Thursday, April 20, 2023
MPT advice, part 1 in a series
As 3Ls transition from law students to bar prepares, I am mindful of the fact that commercial bar prep companies, while very good at teaching to the MBE and MEE, often leave a need for supplemental resources for the MPT. With that in mind, the next few Thursday posts (beginning May 4, 2023), will be dedicated to strategies and tips for the MPT.
Reading the overview below might generate lots of questions: "what do you mean by 'MPT to-do list'?" "'two-sentence introduction'--huh?" "When you say 'other side' why don't you just say counterargument?" "What 'C-RAC Handout'???" If you are asking those questions, then these upcoming Thursday posts are for you! The overview is below, and the next post on MPT for the bar exam will be on May 4, 2023.
Overview of an approach to the MPT
Your approach to an MPT should look something like this:
- Briefly (spend less than 8 seconds) peruse the table of contents and get a general idea of what you have been provided
- Read the task memo carefully:
- Make your to-do list
- Start filling in in your answer (ex., letterhead, memo heading, section headings, substantive headings, two-sentence introduction, etc. the "mindless" things we explained in class) as much as you can from the task memo
- Start formulating questions. For instance, if you are assigned to draft a memo analyzing whether Greene is a partner or associate of our client, you should be thinking, "When or under what circumstances, are two attorneys partners?" "When, or under what circumstances are two attorneys a partner and associate?" "What factors impact or determine that relationship?" Don't read the MPT packet like it's People magazine and you are waiting for something to present itself to you as important. YOU have to be thinking as you are reading. If it helps you stay focused, you can write those questions down on your scratch paper. These are what BarBri calls your “research questions” I believe.
- Now, turn to the Library. Some bar prep companies say to read newest cases, older cases, then statutes. That is fine, but a little fussy for my personal taste: I recommend reading the Library in order, but I just don't have strong feelings on this. Do what works for you.
- Fill in the rules in your answer under each substantive heading (when I say "rules" I mean the rule statement in four parts). You are looking to find out the answer to the questions you thought of. When you find the answer to those questions, you've likely found something important that needs to go into your rule section. Do your rules in the order we taught in class. Review the C-RAC Handout for a refresher.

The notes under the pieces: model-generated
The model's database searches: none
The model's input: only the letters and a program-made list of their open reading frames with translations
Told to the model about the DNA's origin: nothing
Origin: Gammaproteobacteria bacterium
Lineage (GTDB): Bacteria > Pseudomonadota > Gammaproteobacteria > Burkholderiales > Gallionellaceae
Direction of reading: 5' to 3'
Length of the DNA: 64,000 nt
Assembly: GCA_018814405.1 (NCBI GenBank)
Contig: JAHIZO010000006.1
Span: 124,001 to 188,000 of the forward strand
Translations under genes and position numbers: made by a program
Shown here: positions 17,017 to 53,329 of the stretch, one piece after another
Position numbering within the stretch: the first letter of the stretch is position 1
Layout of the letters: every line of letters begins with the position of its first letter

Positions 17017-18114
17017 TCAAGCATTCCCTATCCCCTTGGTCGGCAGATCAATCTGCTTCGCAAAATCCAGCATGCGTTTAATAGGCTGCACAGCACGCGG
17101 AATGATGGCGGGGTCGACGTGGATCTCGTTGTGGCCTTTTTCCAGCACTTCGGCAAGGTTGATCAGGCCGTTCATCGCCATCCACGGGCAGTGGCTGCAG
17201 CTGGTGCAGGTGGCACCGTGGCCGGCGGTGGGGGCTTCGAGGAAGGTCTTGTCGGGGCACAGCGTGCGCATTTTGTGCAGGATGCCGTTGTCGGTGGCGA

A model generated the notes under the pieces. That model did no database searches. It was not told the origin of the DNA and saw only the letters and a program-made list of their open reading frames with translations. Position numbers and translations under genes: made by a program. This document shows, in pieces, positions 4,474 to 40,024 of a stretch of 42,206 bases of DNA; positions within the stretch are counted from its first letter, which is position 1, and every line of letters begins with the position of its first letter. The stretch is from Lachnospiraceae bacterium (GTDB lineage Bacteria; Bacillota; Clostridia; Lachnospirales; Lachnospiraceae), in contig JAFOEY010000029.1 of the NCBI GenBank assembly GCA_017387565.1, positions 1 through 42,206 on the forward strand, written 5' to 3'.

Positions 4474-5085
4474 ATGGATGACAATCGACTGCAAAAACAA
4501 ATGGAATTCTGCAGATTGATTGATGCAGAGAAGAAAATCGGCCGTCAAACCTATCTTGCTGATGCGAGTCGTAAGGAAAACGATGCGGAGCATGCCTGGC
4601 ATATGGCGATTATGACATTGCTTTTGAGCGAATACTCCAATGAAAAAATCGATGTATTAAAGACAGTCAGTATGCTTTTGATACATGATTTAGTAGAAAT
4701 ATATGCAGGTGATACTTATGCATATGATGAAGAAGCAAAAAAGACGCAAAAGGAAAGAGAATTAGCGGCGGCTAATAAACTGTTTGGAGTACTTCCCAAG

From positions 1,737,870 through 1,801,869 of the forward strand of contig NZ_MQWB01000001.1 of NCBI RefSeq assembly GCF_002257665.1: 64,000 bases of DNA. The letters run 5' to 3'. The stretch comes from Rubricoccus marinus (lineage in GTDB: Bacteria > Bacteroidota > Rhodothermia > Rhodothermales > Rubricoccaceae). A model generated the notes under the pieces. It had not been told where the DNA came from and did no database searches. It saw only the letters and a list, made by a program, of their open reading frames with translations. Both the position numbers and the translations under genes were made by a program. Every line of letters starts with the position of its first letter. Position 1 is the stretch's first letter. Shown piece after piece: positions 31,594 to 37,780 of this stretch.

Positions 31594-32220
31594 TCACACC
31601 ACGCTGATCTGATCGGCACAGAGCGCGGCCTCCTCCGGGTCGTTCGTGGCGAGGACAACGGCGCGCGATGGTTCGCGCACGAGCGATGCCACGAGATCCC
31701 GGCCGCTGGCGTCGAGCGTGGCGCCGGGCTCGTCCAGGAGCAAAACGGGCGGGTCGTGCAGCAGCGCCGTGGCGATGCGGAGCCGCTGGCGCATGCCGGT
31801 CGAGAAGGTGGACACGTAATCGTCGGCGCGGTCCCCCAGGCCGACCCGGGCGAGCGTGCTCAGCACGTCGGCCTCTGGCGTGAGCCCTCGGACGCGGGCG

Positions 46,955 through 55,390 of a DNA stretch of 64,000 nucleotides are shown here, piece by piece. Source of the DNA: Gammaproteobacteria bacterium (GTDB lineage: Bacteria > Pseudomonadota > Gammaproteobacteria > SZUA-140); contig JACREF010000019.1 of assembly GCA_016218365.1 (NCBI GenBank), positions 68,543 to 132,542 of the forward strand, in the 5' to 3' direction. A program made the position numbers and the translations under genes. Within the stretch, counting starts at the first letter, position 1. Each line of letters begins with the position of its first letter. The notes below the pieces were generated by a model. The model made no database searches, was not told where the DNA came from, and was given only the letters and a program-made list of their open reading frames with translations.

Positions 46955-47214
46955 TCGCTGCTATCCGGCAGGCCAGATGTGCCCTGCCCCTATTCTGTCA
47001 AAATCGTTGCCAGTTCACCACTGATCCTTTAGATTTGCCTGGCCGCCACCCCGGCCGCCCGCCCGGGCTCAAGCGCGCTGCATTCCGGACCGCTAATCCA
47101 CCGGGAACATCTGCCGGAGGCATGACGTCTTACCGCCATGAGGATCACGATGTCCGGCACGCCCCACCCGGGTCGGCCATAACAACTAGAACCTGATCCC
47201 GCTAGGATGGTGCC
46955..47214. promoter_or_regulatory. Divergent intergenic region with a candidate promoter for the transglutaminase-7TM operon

- As you fill in your rules in your answer, you should start to formulate questions about the facts. For instance, you may have found something in the rules that indicates that the way an attorney is paid—contingency vs. salary or hourly—may impact whether the person was a partner, an associate, or neither. So, when you flip to the File, you will start reading with that in mind: “I need to find something about how this attorney was paid.” Some call these your “fact questions.”
- After finishing the library, go to the file. Read thoroughly. You should not "skim" anything in the MPT packet, but you should read actively. That means you can read briskly, slowing down when you encounter information or factors that are operative facts under the law you have already filled into your answer. You will read some stuff slower and some stuff faster. But you must read everything.
- Start filling in your analysis. Apply the rule from the authority case to your facts. Look for facts that are similar to the facts in your "authority case" (as explained in the C-RAC handout).
- Write your application paragraph to essentially say "our facts are like the facts in the authority case, so our case will likely come out like the authority case" (or “our facts are different, so different result”). Do not use that exact language, I’m just giving the general idea, here.
After this spend the rest of your time writing. Polish a bit. You now have your conclusions, so go finalize your two-sentence intro and finalize your headings. Make sure you have addressed "the other side" for each issue, as appropriate. Do a quick re-read of the task memo, or your to-do list. Did you cover everything assigned? Time's up! and now it's time to submit!!